Referencing the earlier prosecutions, the Prosecutor General’s Office’s statement said that between “2011-2013 members of the organized group inflicted especially large-scale damage to the state under the guise of business.” The crimes included the purchase of state assets at undervalued rates, embezzlement and the misappropriation of state assets. Uzbekistan Airways, the Fergana oil refinery and the Coca-Cola Uzbekistan joint venture were listed among the crooked business dealings, the value of which was estimated at over 67 million USD.

    A total of 180 people and organizations are said to have been investigated over the last six months by Uzbek prosecutors. The Prosecutor’s Office said in last week’s press release that “as of now, criminal cases regarding most of the members of the organized group have been sent to court.”

    Karimova already faces corruption and money-laundering charges throughout Western Europe and the United States. Swiss authorities noted in March that investigations of “alleged illegal acts...in the telecommunications market in Uzbekistan” had yielded $915 million in frozen assets in Switzerland. Eight other countries are also seeking to bring her up on corruption charges.

    In the United States, she faces kidnapping charges, after she fled with her US-born daughter following a failed child custody battle with her former Afghan-American husband.

    Since her house arrest, Karimova has reported in letters, which have been smuggled out of Uzbekistan, that she was undergoing “severe psychological pressure,” “persecution, starvation and abuse.” This week, a London-based PR firm hired by Karimova released photos of her house arrest.

    “She paints herself as a victim,” noted Ferghana.ru editor Daniil Kislov, adding that he believes that Karimova is being punished by her father for a long history of excesses, and for damaging the country’s reputation among foreign investors.

    Experts have said that Karimova’s downfall was long in the offing, and pointed to the upcoming 2015 elections and rumors of 75-year-old Islam Karimov’s retirement as one potential reason why her reckoning may finally be here. Karimova had once been speculated as a possible successor to her father, who has been in charge of the country since 1989.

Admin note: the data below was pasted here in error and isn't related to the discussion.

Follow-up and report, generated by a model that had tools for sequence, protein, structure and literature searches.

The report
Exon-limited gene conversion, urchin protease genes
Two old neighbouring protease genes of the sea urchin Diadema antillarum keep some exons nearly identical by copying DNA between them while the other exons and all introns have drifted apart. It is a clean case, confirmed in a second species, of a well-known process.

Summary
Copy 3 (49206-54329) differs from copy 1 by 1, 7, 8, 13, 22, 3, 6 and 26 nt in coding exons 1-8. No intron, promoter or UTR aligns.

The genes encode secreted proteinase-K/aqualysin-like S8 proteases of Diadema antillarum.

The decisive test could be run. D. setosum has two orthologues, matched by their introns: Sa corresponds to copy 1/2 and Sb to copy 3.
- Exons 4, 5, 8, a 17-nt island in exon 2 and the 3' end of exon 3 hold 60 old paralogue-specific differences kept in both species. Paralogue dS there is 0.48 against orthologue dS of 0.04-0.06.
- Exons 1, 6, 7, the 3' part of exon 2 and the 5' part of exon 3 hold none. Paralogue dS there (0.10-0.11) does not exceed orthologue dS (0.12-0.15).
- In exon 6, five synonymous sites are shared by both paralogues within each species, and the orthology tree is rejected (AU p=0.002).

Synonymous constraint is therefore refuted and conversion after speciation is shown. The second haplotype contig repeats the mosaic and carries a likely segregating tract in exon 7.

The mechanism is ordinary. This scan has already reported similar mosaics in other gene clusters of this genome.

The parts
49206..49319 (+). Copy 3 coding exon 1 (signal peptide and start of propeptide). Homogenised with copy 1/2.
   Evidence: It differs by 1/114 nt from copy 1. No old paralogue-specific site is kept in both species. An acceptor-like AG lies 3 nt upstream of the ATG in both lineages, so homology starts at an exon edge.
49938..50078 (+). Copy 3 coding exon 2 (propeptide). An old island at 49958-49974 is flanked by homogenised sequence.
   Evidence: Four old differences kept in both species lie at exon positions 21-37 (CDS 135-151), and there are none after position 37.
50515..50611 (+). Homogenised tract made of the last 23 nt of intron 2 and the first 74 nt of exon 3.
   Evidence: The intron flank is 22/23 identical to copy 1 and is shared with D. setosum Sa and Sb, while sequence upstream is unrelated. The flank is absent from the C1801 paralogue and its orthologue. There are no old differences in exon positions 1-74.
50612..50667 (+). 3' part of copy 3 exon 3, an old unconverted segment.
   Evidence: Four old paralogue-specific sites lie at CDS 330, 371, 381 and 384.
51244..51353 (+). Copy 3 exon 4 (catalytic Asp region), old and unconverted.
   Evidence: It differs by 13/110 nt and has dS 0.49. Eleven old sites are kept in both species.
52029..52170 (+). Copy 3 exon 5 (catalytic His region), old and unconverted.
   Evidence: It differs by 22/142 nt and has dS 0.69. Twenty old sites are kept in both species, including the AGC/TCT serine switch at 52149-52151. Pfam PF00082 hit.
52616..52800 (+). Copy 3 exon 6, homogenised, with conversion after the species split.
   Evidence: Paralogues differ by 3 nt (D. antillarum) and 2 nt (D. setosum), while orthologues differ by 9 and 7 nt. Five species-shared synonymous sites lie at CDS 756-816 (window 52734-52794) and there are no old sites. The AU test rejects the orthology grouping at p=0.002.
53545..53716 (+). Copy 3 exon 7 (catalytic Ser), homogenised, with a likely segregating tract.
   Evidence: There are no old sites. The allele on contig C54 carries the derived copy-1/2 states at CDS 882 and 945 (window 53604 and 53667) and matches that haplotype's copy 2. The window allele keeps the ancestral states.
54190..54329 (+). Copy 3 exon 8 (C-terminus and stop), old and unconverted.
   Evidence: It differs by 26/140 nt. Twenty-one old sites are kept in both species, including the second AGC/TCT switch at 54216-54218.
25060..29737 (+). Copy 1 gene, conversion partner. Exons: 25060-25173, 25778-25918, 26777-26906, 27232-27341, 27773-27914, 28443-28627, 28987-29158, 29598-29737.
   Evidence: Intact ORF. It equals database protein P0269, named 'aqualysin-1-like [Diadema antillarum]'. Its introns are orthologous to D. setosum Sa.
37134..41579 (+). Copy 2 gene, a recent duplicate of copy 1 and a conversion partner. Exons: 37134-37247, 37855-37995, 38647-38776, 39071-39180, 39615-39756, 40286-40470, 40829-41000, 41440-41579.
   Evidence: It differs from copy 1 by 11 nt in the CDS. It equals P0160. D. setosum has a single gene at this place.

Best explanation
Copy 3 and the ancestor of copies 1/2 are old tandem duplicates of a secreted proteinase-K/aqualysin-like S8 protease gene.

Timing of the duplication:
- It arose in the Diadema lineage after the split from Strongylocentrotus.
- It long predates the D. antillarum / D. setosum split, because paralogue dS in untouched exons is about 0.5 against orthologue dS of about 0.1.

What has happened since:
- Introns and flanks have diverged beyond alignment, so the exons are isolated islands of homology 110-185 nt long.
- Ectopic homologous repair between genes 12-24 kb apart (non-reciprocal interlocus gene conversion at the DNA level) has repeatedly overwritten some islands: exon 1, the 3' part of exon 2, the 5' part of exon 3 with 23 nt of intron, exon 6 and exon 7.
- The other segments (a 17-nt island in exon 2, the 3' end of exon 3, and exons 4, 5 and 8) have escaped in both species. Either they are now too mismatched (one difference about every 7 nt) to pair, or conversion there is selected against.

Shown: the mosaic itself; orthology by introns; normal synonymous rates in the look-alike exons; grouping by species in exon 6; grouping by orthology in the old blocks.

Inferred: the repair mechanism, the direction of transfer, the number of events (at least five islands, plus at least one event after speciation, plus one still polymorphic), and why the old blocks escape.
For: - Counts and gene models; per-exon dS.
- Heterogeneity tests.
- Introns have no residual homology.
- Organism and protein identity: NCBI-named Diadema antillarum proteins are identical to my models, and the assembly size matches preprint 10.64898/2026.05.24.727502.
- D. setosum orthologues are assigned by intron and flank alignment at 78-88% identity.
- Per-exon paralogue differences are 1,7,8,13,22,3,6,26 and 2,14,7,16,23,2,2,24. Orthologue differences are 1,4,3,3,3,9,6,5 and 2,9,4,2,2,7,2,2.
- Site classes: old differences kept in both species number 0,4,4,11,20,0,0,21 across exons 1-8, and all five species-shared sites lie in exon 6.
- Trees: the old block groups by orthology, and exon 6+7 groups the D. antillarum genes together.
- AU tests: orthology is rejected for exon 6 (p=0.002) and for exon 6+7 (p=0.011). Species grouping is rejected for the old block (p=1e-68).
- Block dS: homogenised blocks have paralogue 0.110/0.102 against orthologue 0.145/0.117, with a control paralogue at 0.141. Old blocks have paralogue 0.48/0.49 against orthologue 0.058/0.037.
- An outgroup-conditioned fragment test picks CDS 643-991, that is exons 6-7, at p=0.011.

Wikileaks cables going back to the period between 2005 and 2010 had noted that “most Uzbeks see Karimova as a greedy, power-hungry individual,” a “robber baron,” and “the single most hated person in the country.”

    Central Asia expert Azhdar Kurtov told Rossiya Segodnya that “There is almost certainly a connection” to the power games taking place ahead of the elections. “Islam Karimov is aging. The moment when he will be forced to leave his post out of physical necessity is approaching. And, understanding this, Karimov cannot but think about the future of the country,” Kurtov said. “In this regard, of course, this scandal of his out-of-control daughter, which has led to a split within the political elite...is unnecessary,” he added.

    Kurtov noted that the criminal case against Karimov’s daughter is not only a necessity, but “even positive for the president,” since “voters usually value when the head of state does not shield anyone from justice...even if it is a member of his family.” He notes that it is beneficial to the majority of the Uzbek elite, and that Karimova’s removal from the political field will mean greater political stability in the future.

    investigation, bribery, corruption, Gulnara Karimova, Islam Karimov, Uzbekistan